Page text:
By: Jamie Perillo, LPC
Photo by Tina Woods, Publisher of Natural Awakenings Magazine, NYC edition
Almost a month after Hurricane Sandy, many on the East Coast are continuing to feel the effects. Relief efforts are in full swing and families are trying to piece their lives back together. As Thanksgiving is soon upon us, Sandy is a reminder of all that we have to be grateful for.
Here are a few things I learned from Sandy:
1. Sometimes we need to surrender. In an attempt to feel somewhat in control before the storm I cleaned. That’s right – I vacuumed, dusted, washed laundry, and even washed the floors. Somewhere between folding towels and vacuuming I heard myself saying the mantra I was taught and now end my yoga classes with. “Peace to yourself, peace to others, and peace to those things we have no control over.” I realized I was trying to feel in control of something much bigger than myself. I gave up cleaning, surrendered, and sat down to focus on the moment – safe at home with family.
2. I have attachments. In the past decade social media has changed the way we live and it was magnetized for me during the storm. Fortuitously my very outdated scratched screen, flip phone’s time was up two weeks ago. Deciding to update myself, I purchased an IPhone which allowed me to “stay connected” during the hurricane. I was comforted by seeing friend’s posts knowing they were okay, received updates from my newly downloaded Hurricane app, and texted family members for assurance. Then when the power went out I needed to preserve my phone, so I put it aside. When I did this I noticed something – I relaxed. On a typical day, due to my work, my phone is constantly ringing, voicemails are left, and texts and emails are received. Being away from my phone allowed me to observe my attachment as a quiet stress inducer. I was reminded to put it aside more often.
3. Quiet is nice. When the lights were out and the heat off I had little to do but snuggle under my blanket, read by candlelight, and listen to the radio gently playing in the background. I imagined my ancestors years ago living this simply and relaxed into it. I ate dinner by candlelight focusing on the meal instead of TV in the background, telephone calls, or email notifications. My mind and body felt relaxed devoid of all the regular stimulation – as if I had just left a two hour yoga class. Lesson learned. I will unplug more often.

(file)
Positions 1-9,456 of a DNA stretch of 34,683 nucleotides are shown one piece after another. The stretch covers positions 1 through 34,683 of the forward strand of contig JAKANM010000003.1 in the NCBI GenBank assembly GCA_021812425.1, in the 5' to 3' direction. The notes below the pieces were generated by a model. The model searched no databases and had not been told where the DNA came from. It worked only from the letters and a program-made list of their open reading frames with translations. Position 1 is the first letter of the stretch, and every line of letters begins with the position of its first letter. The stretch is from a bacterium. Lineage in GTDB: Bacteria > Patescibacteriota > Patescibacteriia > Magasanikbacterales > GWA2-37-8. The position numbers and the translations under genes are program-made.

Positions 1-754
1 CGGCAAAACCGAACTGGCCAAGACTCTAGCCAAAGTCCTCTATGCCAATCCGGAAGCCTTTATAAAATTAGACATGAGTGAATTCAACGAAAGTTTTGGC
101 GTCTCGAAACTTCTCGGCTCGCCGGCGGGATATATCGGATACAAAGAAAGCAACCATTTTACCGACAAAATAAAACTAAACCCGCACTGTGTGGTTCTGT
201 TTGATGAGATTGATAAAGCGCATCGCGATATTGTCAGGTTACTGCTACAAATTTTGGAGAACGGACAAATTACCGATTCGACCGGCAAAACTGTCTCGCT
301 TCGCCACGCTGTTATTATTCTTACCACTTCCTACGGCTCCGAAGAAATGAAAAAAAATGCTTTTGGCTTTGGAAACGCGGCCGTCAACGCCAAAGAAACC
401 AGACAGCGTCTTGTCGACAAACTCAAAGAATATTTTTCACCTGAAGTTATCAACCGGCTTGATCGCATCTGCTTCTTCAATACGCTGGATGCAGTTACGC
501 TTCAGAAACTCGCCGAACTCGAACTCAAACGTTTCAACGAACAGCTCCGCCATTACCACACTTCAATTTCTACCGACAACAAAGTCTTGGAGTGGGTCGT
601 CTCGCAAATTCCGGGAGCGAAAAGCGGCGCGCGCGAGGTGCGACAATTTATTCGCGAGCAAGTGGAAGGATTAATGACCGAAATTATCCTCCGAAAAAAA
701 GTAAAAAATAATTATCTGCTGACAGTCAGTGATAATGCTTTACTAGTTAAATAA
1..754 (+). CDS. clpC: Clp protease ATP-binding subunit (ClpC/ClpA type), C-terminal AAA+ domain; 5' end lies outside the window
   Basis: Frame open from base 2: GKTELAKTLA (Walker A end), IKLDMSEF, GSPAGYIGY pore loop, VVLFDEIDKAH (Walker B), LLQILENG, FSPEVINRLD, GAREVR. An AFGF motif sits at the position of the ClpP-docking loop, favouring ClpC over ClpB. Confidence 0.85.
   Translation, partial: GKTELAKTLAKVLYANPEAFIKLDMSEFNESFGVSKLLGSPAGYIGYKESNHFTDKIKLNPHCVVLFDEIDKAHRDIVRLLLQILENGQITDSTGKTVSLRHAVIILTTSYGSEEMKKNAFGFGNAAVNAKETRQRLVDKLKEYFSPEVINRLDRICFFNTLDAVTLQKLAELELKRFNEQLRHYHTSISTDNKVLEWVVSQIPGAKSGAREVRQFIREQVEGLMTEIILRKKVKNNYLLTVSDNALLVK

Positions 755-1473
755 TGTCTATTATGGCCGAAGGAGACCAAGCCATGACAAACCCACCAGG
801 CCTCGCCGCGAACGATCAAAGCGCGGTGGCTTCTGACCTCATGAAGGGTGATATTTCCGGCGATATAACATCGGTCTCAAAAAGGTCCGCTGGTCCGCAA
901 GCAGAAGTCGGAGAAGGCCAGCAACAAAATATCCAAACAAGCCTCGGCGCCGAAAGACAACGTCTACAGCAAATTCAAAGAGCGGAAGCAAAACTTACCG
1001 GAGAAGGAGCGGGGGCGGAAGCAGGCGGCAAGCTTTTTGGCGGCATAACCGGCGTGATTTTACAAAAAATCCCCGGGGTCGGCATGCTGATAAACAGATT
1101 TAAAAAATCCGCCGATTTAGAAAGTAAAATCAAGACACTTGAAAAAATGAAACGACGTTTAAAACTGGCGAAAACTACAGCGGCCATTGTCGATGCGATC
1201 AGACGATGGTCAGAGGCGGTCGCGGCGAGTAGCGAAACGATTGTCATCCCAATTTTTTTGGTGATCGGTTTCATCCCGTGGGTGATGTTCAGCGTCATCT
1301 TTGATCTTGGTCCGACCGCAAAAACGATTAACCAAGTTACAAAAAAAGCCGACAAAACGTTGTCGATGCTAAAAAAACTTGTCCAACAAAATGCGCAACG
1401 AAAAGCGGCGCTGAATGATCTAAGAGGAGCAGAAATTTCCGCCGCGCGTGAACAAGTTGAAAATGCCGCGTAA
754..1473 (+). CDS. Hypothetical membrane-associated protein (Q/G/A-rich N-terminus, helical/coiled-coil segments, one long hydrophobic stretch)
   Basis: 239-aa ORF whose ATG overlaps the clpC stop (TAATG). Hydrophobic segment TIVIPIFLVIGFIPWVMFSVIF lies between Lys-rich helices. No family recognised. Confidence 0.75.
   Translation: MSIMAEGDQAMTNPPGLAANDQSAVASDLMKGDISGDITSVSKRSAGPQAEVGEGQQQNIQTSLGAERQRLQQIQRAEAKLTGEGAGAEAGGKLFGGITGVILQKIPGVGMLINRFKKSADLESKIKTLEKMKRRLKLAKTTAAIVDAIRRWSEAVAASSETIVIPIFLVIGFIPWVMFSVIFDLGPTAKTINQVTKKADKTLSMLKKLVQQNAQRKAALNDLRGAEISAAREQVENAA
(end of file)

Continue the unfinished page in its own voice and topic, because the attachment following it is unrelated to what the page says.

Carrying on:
4. We need to take better care of Mother Earth. She can be uncontrollable, relentless, and sometimes even vicious but she’s also beautiful, healing, and a provider of life. As I watched the trees blowing furiously in the wind I noticed the pine trees in the back yard moving to and fro but not budging. I was lucky to keep most of my trees. The next day as I inspected the damage I realized the trees were here first. The recent weather patterns are speaking to us regarding climate change. It is time for us to listen.
5. In times of great despair and suffering people’s good nature shines. News reports cast images of heroic men and women risking their well-being to help others who could not help themselves. Neighbors came together to offer a hand and friends offered their homes for comfort to those who were affected. Why do we wait for tragedies to express this human part of us?
6. Humans have a great capacity to overcome and heal. In his book, Everything Beautiful Began After, Simon Van Booy writes, “After every chapter of devastation, there is a rebuilding; It happens without thought. It happens even when there is no guarantee it won’t happen again. Humans may come and go – but the thread of hope is like a rope we pull ourselves up with. “
I am reminded we have the ability to overcome, to trudge through the messes and puddles and hurts to grow stronger, rebuild, and to heal. When we do this together, lifting one another up, the results are more than what we started with.
7. Focus on appreciation. We live in a fast paced society that is constantly thinking ahead instead of appreciating the moments we are in – hello Christmas commercials in October? I am grateful for the many blessings in my life, my friends and family. Sandy was a reminder these blessings, not things, are what matter.
Today I wish you to remember when to let go, use your supports, appreciate what you have, and know you are stronger than you believe. To those affected by Hurricane Sandy may the road to recovery be an easy one filled with love, support, and comfort from others.